A new National Health and Medical Research Council (NHMRC) research project will explore shoulder replacements to bring life-changing discoveries to those living with osteoarthritis.
Deakin University was recently awarded the NHMRC Investigator Grant, which was recently announced by the Minister for Health, the Hon Greg Hunt MP.
Professor Richard Page from our Molecular Medicine theme will lead a five-year project, “Reverse or Anatomical (replacement) for Painful Shoulder Osteoarthritis: Differences between Interventions.” The project has been given over $1.54 million to drive this critical research as a bi-national study with collaborators in the UK and Australia. The UK and Australian trials will follow the same methods and data will be combined in data meta-analyses.
The Australian team features collaborations from across the country with researchers from The University of Queensland, UNSW Sydney, Monash University and The University of SA.
Prof Page is Director of Orthopaedic Research at Barwon Health, the Barwon Centre of Orthopaedic Research and Education (B-CORE) and Medical Director of the Barwon Health Bone Bank. Prof Page is also the Deakin University Chair in Orthopaedic Surgery at St John of God Geelong and Barwon Health.
“This is an exciting opportunity to build an evidence base for the best surgical management of shoulder osteoarthritis. Shoulder replacement surgery is the fastest growing type of joint replacement globally and quality evidence is needed to guide treatment in this significantly disabling disease,” says Prof Page.
Shoulder osteoarthritis is common in older adults, causing severe pain and making daily life difficult. With Australia’s rapidly ageing population and over 29% of Australians experiencing chronic musculoskeletal conditions, there is an evident need to find effective treatments.
Shoulder replacement works by removing the damaged parts of the shoulder and replacing them with artificial implants. By replacing the damaged joint with metal and plastic implants the surgery is an effective treatment to relieve pain and restore function for debilitating arthritis.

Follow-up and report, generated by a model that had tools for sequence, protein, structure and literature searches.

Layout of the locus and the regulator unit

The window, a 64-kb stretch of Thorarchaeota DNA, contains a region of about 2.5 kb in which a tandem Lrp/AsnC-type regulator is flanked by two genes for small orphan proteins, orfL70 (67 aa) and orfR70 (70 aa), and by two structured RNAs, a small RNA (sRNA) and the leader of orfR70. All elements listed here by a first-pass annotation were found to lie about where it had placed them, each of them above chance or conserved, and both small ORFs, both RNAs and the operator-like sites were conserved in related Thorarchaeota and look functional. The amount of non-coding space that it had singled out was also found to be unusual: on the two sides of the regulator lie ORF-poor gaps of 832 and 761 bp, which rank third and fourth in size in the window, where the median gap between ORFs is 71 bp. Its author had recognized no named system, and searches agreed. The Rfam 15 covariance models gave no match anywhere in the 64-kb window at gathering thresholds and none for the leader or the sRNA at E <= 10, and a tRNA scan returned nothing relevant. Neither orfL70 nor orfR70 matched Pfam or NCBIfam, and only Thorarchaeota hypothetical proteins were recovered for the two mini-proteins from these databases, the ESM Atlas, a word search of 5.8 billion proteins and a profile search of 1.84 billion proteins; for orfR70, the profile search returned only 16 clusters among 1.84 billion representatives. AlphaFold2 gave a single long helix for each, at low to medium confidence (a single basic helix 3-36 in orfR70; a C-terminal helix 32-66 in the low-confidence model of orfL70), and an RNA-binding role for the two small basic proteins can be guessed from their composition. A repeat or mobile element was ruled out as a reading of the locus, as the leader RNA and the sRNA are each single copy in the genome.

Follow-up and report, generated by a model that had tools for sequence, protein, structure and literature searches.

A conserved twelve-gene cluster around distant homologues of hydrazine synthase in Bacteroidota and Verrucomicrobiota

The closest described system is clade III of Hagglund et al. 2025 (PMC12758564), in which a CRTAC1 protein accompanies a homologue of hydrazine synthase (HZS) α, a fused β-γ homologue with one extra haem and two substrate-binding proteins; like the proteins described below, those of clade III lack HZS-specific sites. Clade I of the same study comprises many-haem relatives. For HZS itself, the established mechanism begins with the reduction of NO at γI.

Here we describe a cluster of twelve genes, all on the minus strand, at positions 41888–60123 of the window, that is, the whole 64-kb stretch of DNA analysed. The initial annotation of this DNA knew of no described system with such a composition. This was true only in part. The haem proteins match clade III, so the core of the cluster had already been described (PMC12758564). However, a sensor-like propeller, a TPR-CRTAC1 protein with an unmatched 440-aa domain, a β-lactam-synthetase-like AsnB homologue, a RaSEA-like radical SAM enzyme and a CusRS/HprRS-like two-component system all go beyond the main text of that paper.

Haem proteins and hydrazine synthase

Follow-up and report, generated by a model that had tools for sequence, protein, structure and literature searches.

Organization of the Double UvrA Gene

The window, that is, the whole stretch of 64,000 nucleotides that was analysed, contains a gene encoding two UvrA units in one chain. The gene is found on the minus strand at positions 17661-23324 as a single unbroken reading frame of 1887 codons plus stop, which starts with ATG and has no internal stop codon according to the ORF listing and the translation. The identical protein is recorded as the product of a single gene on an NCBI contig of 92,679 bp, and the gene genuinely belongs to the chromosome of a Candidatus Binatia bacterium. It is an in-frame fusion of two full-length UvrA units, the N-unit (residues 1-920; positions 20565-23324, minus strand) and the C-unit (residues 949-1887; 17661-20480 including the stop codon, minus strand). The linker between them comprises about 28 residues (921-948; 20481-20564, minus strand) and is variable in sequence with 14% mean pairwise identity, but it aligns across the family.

“The two key types of shoulder replacement in current use are Standard (Anatomic) and Reverse. Reverse was developed to treat arthritis associated with deficient tendons, but its use has been expanded.” Prof Richard Page said.
However, the best option is unclear as they are yet to be compared in randomised controlled trials. “There are significant differences in cost and potential outcomes, with a rapidly increasing demand. Surgeons and patients want to know which is best in this setting.” Prof Page said.
Australia has had an enormous 338% increase in total shoulder replacements since 2008, including a doubling in the proportion of reverse shoulder replacements. The two approaches to shoulder replacements will be compared in 450 patients aged over 60 years with shoulder osteoarthritis.
Prof Page and his team will explore the benefits, harms, and cost-effectiveness of each type of shoulder surgery.
“Clear evidence is needed to determine the best for effectiveness and value in this life-improving surgery.” Prof Page said.
Their world-first research will improve the outcomes for patients across Australia and the globe by providing them with the best type of surgery.
Prof Page is excited about the future of this research venture. “This is a terrific example of world-class research and collaboration across Australia and the UK, to set a benchmark for the best surgical treatment of end-stage shoulder osteoarthritis.” Prof Page said.
For potential patients, please discuss with your GP and a referral can be made to a participating surgeon once we commence in 2022. For other enquiries please contact Professor Page at firstname.lastname@example.org.